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A new study shows health disparities cost Texas billions of dollars; Senate rejects impeachment articles against Mayorkas, ending trial against Cabinet secretary; Iowa cuts historical rural school groups.

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The Senate dismisses the Mayorkas impeachment. Maryland Lawmakers fail to increase voting access. Texas Democrats call for better Black maternal health. And polling confirms strong support for access to reproductive care, including abortion.

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Rural Wyoming needs more vocational teachers to sustain its workforce pipeline, Ohio environmental advocates fear harm from a proposal to open 40-thousand forest acres to fracking and rural communities build bike trail systems to promote nature, boost the economy.

Advocates Say Loss of Federal Funds Means NH Kids Go Hungry

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Monday, December 5, 2022   

Advocates for children say up to 7,000 students in New Hampshire public schools are going hungry following the rejection of a federal program for low-income students by Gov. Chris Sununu.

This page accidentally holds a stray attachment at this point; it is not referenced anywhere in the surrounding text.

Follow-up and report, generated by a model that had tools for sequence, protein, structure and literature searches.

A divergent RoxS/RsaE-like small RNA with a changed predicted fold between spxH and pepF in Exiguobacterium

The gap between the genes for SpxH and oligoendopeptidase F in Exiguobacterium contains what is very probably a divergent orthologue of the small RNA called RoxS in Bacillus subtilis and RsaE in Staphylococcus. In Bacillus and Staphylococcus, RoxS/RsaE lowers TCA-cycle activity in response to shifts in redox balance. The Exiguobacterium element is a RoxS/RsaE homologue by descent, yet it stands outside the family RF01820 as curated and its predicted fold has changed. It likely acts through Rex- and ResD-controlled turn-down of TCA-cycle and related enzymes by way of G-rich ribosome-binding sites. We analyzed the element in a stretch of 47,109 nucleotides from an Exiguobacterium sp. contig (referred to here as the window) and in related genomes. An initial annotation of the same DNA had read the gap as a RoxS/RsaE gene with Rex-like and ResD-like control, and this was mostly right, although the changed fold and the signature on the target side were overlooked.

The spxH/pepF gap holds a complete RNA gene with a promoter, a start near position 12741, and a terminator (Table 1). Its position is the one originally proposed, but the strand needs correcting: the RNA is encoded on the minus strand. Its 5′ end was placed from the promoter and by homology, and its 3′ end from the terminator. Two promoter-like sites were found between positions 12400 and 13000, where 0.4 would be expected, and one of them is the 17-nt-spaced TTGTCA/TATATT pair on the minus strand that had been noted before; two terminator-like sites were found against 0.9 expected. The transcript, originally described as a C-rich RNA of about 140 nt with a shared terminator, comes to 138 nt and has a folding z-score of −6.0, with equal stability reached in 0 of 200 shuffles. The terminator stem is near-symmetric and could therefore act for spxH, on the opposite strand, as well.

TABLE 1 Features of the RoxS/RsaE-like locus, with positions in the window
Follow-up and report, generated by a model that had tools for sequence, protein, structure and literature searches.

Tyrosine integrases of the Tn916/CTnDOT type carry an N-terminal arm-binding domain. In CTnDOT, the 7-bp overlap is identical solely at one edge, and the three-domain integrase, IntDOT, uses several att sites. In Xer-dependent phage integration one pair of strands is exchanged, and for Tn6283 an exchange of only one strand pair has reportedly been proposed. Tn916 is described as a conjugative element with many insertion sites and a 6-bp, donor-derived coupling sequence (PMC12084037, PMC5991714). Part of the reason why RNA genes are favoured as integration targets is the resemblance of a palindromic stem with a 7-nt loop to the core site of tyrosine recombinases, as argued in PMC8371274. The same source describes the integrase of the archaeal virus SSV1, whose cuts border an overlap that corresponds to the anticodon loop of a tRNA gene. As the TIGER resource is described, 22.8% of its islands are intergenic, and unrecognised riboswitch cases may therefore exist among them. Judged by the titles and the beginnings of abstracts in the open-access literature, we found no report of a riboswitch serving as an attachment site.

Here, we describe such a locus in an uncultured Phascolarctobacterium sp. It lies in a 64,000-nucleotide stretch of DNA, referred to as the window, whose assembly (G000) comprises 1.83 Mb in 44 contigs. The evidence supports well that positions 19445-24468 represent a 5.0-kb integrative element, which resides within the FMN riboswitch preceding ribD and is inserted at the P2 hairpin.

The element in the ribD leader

A bipartisan group of state senators recently failed to convince the governor to continue a COVID-era program ensuring children of families enrolled in Medicaid were automatically eligible for free or reduced-price meals at school.

Laura Milliken, executive director of New Hampshire Hunger Solutions, said there is ample research showing children learn more when they are fed.

"They have stronger attendance, and they have stronger graduation rates and better long-term health outcomes," Milliken outlined.

Sununu said legislative approval was needed to take part in the Medicaid data-sharing program, and although she disagrees with his assessment, Milliken noted her organization will work to get it, and potentially improve New Hampshire's state ranking in school breakfast participation, which is currently 47th.

Children's advocates noted the government averted a national crisis by providing free meals to an additional 10 million children throughout the pandemic. But Congress allowed the policy to expire, ending a vital source of nutrition for America's low-income students.

Milliken argued the Medicaid pilot program would help feed more hungry students and save schools money.

"They don't have to process as many school meal applications," Milliken pointed out. "It reduces school meal enrollment certification errors. It reduces unpaid student meal debt and increases state and federal funding."

She added older students especially would rather go hungry than be recognized as needing financial aid, often telling their parents not to apply. Milliken stressed the Medicaid data-sharing program could reduce the stigma by having students' meal cards already set at the free or reduced rate before they arrive in the cafeteria.


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